Kent Jones has made a documentary about the writing of Truffaut’s seminal book about Alfred Hitchcock, published in the mid 1960s just as Truffaut was beginning to rise as a master of the Nouveau Vague. Truffaut knew he could learn from a master — a sign of his intelligence and hunger for all things cinematic. For how different these two men were:Truffaut petit, rangy, intuitive; Hitchcock large, careful, controlling, supremely in command.
The documentary besides lavishly quoting from the book and using the carefully preserved soundtrack of the men’s voices, includes interviews with contemporary directors, David Fincher, Martin Scorsese, Manual Assayas, James Gray, Richard Linklater and Wes Anderson who comment on Hitchcock’s technique and subject matter.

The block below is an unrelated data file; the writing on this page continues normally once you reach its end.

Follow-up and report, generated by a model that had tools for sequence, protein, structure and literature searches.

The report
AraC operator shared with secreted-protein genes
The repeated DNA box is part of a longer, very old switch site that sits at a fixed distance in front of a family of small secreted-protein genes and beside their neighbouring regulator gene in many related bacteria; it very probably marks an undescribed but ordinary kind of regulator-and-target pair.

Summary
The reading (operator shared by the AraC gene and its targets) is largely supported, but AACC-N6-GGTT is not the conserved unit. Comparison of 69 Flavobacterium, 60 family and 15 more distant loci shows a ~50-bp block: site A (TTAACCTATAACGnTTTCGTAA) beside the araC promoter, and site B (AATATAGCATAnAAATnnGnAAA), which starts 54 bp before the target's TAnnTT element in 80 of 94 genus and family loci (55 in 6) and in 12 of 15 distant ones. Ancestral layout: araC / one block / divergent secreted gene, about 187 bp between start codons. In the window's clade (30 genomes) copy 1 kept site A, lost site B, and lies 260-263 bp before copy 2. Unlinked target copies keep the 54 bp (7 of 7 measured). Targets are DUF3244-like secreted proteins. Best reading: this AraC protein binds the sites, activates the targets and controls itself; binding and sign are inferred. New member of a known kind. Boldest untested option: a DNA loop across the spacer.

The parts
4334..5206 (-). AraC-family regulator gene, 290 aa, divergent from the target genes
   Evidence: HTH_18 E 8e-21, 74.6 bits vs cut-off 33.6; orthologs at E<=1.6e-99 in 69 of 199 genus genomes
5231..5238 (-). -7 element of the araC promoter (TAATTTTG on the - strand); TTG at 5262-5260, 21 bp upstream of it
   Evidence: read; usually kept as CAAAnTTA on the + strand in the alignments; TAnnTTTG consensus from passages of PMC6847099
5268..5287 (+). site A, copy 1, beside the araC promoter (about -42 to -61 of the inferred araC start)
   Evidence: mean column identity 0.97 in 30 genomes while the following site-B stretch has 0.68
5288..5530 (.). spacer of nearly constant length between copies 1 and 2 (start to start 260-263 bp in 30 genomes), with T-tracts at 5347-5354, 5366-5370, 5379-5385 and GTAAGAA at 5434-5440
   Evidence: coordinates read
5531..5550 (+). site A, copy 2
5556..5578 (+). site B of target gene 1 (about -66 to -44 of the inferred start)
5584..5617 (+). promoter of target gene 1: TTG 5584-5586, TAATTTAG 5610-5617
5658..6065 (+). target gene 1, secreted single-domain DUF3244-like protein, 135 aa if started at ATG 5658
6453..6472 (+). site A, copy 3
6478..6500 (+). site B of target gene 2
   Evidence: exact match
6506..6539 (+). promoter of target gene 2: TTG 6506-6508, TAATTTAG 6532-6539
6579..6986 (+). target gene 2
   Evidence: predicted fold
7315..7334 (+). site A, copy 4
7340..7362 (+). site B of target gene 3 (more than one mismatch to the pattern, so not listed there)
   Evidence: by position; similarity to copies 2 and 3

Watching Sylvia Sidney in an early thriller, carefully eyeing a knife, and some of the silent pictures, made me want to revisit his early work. As one of the directors points out, you can watch most of his movies with no sound, and pick up 90% of the meaning. Such are the advantages of working in the silent era.
But who would want to miss Claude Rains confess to his screen mother, “Mother, I’m married to an American agent.”